Establishing a European Carbon Central Bank is a possible pathway to tackle low political credibility of the European Emissions Trading Scheme (EU ETS) among investors. Delegation of power to an independent authority could also enhance the flexibility of the system. These were the key findings of the new study “After Monetary Policy, Climate Policy: Is Delegation the Key to EU ETS Reform?” lead by Godefroy Grosjean, guest researcher at the Mercator Research Institute on Global Commons and Climate Change (MCC). It is now published in the journal “Climate Policy”.
The new paper comes at a time when European climate policy is at a crossroads. Its centerpiece, the EU ETS, is currently under great scrutiny and likely to be reformed as a result of the collapse in EUA prices. At the same time, policymakers have agreed on the 2030 framework for energy and climate policies, which will influence the functioning of the EU ETS. Reform proposals such as a price corridor, sectorial expansion to transport and buildings as well as a reduction of free allocations of allowances have already been discussed by the MCC and others.
The new research maps current reform options in the context of the credibility problems found in long-term policy. Based on the experiences from monetary policy, it shows that if political uncertainty and lack of long-term commitment are the main drivers of the low price, delegation of authority could represent an appropriate option to alleviate the credibility problems that long-term policy has. It could also provide higher flexibility in response to unexpected economic and policy events. Another MCC study has just shown that market fundamentals account for at most 10 percent of the decline in prices but indicated that the price is significantly influenced by the uncertainty among investors about the realization of long-term climate targets.
“The independence of a carbon central bank might increase the credibility of the EU ETS, if it is introduced on a clear and transparent institutional framework and mandate,” says Godefroy, a researcher at the Potsdam Institute of Climate Impact Research and guest researcher at the MCC. “Its long term stability goals would make it harder for intervention based on short-term political consideration. Nevertheless, delegation to an independent body is unlikely to be a silver bullet due to institutional hurdles in creating such an agency.”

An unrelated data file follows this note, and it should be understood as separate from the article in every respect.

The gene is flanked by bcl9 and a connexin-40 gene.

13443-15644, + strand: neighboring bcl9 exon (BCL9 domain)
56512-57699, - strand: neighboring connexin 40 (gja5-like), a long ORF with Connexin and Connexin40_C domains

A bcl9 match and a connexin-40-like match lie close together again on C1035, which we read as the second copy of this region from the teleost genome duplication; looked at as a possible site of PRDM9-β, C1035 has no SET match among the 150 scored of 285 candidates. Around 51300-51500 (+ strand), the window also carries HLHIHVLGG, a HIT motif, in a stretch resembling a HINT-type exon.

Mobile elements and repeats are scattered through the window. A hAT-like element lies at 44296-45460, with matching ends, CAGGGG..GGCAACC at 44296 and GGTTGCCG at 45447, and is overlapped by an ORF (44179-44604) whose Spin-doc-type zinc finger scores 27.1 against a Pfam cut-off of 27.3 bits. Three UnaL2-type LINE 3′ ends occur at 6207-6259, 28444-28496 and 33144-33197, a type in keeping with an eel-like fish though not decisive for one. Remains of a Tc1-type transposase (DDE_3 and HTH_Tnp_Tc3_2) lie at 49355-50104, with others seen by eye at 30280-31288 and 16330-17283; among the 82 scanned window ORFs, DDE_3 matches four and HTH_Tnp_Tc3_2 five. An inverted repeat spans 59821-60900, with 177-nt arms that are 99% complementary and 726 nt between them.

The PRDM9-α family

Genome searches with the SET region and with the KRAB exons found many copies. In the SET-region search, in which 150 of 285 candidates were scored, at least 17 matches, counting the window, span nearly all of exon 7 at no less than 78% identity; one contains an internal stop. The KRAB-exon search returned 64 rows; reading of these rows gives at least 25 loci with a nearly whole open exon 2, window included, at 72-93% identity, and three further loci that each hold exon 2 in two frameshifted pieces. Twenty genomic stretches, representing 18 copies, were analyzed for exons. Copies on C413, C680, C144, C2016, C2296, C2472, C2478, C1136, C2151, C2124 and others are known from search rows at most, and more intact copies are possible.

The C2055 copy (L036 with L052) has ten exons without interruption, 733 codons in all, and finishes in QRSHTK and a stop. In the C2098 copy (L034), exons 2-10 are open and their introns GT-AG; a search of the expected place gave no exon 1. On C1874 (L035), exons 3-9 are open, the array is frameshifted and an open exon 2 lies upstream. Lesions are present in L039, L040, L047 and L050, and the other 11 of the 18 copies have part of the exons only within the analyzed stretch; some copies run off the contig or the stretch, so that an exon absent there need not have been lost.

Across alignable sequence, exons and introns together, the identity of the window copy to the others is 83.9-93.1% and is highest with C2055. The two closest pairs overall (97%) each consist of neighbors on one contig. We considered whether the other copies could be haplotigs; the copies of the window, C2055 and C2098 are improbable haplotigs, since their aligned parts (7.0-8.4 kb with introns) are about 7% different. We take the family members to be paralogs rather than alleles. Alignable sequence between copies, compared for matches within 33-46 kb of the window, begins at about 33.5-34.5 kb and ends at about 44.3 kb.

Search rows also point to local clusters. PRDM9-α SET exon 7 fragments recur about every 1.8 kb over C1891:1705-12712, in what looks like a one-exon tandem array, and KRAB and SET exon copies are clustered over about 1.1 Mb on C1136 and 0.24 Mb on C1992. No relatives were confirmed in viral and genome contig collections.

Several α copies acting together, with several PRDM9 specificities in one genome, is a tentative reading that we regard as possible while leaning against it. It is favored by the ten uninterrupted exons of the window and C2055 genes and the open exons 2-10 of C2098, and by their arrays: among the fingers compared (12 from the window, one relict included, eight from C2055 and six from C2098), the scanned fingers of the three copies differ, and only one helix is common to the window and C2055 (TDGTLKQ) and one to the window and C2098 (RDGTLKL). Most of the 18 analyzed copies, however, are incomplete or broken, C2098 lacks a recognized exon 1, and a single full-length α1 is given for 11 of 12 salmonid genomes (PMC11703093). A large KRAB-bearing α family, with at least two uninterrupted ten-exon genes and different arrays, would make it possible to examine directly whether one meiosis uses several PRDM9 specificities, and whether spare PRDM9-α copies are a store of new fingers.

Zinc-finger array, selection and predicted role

Major political barriers stand in the way of an authority like a carbon central bank. “Setting up an independent body with discretionary power requires a modification of the European Union treaties, which is difficult in the current political context,” says MCC director Ottmar Edenhofer. “A carbon central bank would have to be supported by democratic legitimacy on the EU level.”
Despite the potential barriers, however, the idea of establishing an independent body has merit. “Climate policy is likely to be a work-in-progress in the coming decades due to the depth of uncertainty. Therefore, advancing the understanding of a carbon central bank is appealing because it might be an appropriate instrument to stabilize investor’s expectations even in the presence of further economic and policy shocks”, says MCC co-author Christian Flachsland.
About the MCC
The MCC explores sustainable management and the use of common goods such as global environmental systems and social infrastructures in the context of climate change. Six working groups conduct research on the topics of economic growth and development, resources and international trade, cities and infrastructure, governance and scientific policy advice. The MCC was jointly founded by the Mercator Foundation and the Potsdam Institute for Climate Impact Research (PIK).
References of the cited articles:
Grosjean, Godefroy; Acworth, William; Flachsland, Christian; Marschinski, Robert (2014): After Monetary Policy, Climate Policy: Is Delegation the Key to EU ETS Reform?, Climate Policy DOI: 10.1080/14693062.2014.965657
Mercator Research Institute on Global Commons and Climate Change (MCC)
Telephone: +49 (0) 30 338 5537 201, Email: firstname.lastname@example.org